Highlighting Legislation Passed in the 2020 Georgia Legislative Session

Highlighting Legislation Passed in the 2020 Georgia Legislative Session

Highlighting Legislation Passed in the 2020 Georgia Legislative Session

By Buzz Brockway

 Ordinarily, the Georgia Legislature would have wrapped up its 40-day legislative session by the end of March. But 2020 is no ordinary year. As the pandemic spread, the Legislature suspended its session in mid-March with no return date announced. Eventually, lawmakers reconvened with 11 legislative days left to address a plethora of issues.


Looming large was the fiscal year 2021 budget, and as you can imagine, the budget outlook was much different in June than in March. State revenues plunged due to the shutdown and budget writers scrambled to decide the best path forward. After tapping into the state’s rainy-day fund, lawmakers passed a budget with 10 percent  cuts, approximately $2.2 billion smaller than originally proposed. No state department was spared, but some departments—like education—received smaller cuts than other departments. 


Apart from the budget, perhaps the issue that garnered the most attention was a hate crimes bill, HB 426. The murder of Ahmuad Arbery in Brunswick, GA, as well as the deaths of George Floyd and Breonna Taylor at the hands of police, created a political situation where ignoring this issue was impossible. Georgia previously had a hate crimes law that was declared unconstitutional by the State Supreme Court. HB 426, now signed into law by Governor Kemp, provides sentence enhancements after a person has been convicted of certain crimes motivated by bias against defined groups of people.


Two pieces of legislation we at the Georgia Center of Opportunity actively supported passed both houses and await the Governor’s signature. SB 288 allows a person convicted of certain non-violent misdemeanors, who have kept a clean record for a specific length of time, to seek to have those records restricted. This will allow these folks to have a better chance of employment. Another bill meant to assist people obtaining a job is HB 914. This bill will provide a temporary occupational license to spouses of members of the armed forces who move to Georgia. Georgia has a large number of military installations, so many people will benefit from this bill.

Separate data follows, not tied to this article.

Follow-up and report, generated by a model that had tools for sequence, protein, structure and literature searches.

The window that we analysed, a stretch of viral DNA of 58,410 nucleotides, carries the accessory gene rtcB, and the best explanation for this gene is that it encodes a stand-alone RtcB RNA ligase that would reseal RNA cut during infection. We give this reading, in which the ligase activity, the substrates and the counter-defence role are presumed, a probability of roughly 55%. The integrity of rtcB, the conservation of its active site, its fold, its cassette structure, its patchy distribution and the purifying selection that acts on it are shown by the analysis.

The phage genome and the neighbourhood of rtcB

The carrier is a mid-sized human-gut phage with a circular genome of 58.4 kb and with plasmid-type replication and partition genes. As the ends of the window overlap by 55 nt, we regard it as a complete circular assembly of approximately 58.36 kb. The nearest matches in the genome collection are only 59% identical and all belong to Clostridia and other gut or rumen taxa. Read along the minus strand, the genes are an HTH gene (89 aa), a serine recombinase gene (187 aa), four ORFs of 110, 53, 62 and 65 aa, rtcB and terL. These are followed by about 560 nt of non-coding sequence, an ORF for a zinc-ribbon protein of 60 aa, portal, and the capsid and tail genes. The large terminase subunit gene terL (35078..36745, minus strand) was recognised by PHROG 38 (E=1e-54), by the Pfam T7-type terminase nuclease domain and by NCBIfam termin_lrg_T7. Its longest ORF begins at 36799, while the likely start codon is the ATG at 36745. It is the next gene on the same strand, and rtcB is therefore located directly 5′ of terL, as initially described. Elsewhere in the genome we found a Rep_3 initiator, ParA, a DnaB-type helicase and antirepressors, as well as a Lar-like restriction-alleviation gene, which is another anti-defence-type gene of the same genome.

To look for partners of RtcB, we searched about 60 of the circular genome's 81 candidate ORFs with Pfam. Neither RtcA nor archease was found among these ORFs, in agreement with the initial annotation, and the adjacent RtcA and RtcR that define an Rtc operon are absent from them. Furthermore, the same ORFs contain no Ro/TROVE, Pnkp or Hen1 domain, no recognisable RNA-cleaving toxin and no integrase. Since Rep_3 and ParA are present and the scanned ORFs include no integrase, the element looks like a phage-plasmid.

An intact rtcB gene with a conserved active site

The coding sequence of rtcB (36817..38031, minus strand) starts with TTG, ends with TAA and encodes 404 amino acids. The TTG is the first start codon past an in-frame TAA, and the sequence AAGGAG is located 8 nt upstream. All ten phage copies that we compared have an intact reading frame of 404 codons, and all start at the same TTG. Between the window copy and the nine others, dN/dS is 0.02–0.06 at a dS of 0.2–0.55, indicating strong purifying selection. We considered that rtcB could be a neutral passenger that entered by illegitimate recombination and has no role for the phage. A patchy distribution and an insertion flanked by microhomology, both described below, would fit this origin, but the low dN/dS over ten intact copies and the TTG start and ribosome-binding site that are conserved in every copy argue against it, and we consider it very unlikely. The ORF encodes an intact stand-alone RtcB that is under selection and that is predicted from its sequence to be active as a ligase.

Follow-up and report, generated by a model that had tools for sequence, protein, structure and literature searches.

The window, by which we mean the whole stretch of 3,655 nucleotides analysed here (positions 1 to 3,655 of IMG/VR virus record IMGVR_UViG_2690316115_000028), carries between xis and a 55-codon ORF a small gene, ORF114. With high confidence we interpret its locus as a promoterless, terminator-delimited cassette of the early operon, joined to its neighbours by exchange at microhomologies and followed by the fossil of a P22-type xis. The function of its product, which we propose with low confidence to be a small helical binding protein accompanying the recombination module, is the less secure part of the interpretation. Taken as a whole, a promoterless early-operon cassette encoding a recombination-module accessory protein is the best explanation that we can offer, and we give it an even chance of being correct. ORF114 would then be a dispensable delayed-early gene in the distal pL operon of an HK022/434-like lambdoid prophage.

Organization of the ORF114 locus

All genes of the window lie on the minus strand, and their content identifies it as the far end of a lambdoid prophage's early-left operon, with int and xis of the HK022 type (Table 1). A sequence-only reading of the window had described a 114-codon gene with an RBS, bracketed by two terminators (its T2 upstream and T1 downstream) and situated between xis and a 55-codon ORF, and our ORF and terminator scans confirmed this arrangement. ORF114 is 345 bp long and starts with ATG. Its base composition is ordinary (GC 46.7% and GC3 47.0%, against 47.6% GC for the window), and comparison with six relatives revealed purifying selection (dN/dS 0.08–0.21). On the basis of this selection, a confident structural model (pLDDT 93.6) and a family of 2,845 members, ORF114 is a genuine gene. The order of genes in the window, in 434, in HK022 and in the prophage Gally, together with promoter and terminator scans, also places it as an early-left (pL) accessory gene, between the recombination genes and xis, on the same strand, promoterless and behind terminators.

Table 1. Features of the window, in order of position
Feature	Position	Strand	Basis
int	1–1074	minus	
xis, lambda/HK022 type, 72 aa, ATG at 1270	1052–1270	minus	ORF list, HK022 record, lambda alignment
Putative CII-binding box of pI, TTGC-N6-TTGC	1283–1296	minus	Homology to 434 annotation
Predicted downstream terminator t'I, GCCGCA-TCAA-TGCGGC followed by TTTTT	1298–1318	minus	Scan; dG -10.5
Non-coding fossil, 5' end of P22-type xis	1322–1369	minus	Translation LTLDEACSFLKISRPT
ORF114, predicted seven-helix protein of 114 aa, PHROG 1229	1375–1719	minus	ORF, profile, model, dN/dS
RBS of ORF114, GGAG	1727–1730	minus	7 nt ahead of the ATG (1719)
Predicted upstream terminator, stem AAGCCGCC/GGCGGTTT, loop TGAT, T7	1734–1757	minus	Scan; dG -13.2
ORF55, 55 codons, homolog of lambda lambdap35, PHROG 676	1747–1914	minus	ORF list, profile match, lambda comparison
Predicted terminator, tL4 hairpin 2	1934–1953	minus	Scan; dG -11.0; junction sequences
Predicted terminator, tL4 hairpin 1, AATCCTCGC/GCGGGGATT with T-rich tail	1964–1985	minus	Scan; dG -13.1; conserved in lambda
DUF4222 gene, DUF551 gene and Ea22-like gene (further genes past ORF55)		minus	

Other legislation of interest includes HB 888, which seeks to prevent “surprise billing.” A “surprise bill” occurs when an out-of-network physician treats a patient. These bills can become quite large. It is hoped this legislation will prevent this situation from occurring again. 


More progress was made in the fight against human trafficking as HB 823 and SB 435 passed.  HB 823 would prevent a truckdriver convicted of human trafficking of ever holding a commercial driver’s license again in Georgia. SB 435, known as the “Debbie Vance Act,” would allow a person convicted of trafficking to have their conviction vacated if they can prove they were a victim of human trafficking. 


Foster parents will be allowed to arrange for short-term babysitting under HB 912, which awaits the Governor’s signature. 


Government transparency and accountability got a boost with the passage of HB 1037. This bill would require audits on production companies seeking to take advantage of Georgia’s film tax credit. An audit earlier in the year revealed oversite problems in this very large tax credit. Price transparency for non-emergency medical services is the subject of SB 303, which was sent to the Governor’s desk. Empowering patients with pricing information can help lower costs for shopping of these non-emergency services. 


Despite the strange nature of the 2020 Legislative Session, many things were accomplished. The Georgia Center for Opportunity will continue to work hard to advance legislation to increase educational opportunity, knock down barriers to employment, and strengthen families. We look forward to continuing this effort in the next legislative session.